After all it is a hallmark of autism that the individual only likes to talk about himself and the things that he is interested in and has difficulty talking or showing interest in what the other person wants to talk about or do. This is a big problem when trying to socialize because in order to get an autistic individual to come into your world and out of his is to make an effort in showing interest in him and what gets him excited such as with Griffin he is interested in commercials and advertising icons especially the vintage ones. He has all of the icons and mascots memorized and loves to look them up on YouTube and to draw them for hours. He collects the plush toys too (has way too many as a matter of fact but he takes great care of them). And because Griffin is so emotionally/mentally young for age 12 his peers are not interested in playing with the same kinds of things that he does. He does a lot of imaginary play with his toys. His therapist said that it is harmless and that it shouldn't be discouraged, that he will grow and develop at his own rate and time.
I want Griffin to be happy but to have a rich experience as a child before he becomes a teenager and doesn't want to do things that a child does and becomes interested in things that are perhaps more dark and violent such as video games or something along those lines that teenagers get into. He may not though because he is a furry and furries are forever. They grow up into adult furries who dress up in costumes and have an exclusive group who go to conventions and have online chat rooms where they can communicate with each other so that they can be understood and feel accepted. Possibly even finding someone who loves them for who they are and does not judge them as being weird or inappropriate, Griffin does know how to love unconditionally and accept others for who they are without judgment, he is such a sweet boy that I worry about him. He will find love but I just hope that no one takes advantage of his kindness and naivete.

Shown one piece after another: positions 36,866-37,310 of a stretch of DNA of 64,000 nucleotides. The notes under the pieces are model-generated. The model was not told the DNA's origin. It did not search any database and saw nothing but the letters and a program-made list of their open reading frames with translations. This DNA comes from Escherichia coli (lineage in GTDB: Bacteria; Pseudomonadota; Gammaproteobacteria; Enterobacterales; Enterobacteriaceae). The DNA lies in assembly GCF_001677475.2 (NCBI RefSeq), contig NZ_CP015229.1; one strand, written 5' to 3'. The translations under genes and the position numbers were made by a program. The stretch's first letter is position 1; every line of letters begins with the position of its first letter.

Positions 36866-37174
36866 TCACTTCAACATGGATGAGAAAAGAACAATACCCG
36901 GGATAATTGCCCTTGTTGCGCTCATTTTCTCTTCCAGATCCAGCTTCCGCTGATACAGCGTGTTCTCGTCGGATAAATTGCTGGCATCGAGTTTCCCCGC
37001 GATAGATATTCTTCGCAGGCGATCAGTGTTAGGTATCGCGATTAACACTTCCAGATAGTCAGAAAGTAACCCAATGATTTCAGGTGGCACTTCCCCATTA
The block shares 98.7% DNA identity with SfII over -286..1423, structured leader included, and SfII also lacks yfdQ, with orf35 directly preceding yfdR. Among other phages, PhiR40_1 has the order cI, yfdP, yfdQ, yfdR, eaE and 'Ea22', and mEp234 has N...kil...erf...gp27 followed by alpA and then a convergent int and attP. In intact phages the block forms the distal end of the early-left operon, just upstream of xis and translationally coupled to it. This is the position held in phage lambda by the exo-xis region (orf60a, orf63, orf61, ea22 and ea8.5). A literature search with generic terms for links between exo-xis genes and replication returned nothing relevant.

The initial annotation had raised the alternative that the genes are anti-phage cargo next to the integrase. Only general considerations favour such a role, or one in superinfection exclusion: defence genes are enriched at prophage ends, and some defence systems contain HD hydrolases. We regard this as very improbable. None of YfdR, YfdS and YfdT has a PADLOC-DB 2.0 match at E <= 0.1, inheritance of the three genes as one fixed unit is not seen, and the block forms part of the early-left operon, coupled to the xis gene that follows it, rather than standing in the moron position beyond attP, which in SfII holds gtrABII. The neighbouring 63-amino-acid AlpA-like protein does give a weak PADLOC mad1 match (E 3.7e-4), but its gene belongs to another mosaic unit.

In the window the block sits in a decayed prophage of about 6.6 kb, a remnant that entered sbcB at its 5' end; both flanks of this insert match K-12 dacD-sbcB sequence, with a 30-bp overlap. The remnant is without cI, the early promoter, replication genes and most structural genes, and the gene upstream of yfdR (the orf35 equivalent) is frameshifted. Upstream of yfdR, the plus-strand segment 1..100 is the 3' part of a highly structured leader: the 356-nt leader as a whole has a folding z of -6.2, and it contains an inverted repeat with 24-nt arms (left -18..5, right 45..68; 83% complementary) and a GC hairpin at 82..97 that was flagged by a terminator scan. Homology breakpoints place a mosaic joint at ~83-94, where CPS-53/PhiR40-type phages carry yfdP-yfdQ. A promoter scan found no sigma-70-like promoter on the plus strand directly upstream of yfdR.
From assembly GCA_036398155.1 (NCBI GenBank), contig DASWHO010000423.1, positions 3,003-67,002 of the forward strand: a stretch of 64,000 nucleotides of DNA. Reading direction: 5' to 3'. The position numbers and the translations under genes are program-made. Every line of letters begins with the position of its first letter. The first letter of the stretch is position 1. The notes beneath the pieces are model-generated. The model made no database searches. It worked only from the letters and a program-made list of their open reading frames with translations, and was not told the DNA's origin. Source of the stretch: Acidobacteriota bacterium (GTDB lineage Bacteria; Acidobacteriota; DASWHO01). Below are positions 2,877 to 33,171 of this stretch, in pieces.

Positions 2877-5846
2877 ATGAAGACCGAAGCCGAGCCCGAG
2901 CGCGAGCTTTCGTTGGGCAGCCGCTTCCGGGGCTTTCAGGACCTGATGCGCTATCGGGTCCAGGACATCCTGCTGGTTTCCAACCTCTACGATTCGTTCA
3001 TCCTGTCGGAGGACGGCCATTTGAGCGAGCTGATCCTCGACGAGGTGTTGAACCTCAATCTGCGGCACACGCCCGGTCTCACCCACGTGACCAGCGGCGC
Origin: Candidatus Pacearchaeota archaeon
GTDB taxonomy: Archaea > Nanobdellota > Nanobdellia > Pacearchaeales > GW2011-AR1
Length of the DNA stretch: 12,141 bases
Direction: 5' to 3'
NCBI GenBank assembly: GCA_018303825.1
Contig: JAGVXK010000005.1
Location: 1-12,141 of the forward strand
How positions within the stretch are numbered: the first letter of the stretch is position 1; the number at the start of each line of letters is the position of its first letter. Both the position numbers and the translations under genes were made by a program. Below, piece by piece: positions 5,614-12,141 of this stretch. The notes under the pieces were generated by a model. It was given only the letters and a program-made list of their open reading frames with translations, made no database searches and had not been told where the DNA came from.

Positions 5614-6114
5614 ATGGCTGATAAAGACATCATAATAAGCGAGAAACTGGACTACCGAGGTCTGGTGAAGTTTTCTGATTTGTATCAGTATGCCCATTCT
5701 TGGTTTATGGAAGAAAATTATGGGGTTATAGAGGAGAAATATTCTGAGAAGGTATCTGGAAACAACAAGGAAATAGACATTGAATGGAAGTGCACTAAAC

I know what it is like because people have taken advantage of me my whole life and treated me like I am stupid. I used to be referred to as a dumb blonde, now it is as if I am invisible now that I am not the attractive blonde anymore but just a plain Jane who refuses to conform to society's pressures to look and act a certain way in order to fit in. I refuse to put that kind of pressure on myself as I used to and to have that level of anxiety and to be a practicing alcoholic who self-medicates in order to try to fit in. I don't ever want Griffin to feel that pressure, I want him to feel that he is perfect exactly the way that he is and to be proud of being autistic. If he wants to wear pink and play with toys then others will just have to deal with it. I am teaching him to be himself and to nurture the person he is as being different and that if others do not accept him then that is their problem not his. They have a narrow mind and don't know how to love others for who they are which means that they do not love themselves because they project hate and disapproval due to society's norms.
I hope that all parents teach their children to love themselves for who they genuinely are and to not try to fit in socially just because that is what the media and the religions, and the schools and government teach us.....to conform. If it means that he doesn't play with others who do not accept him then so be it! He prefers to play alone anyhow and I know that one day someone, even if it is only one person, someone will accept him and love him as the person who he is and will show interest in his interests and talk to him for hours.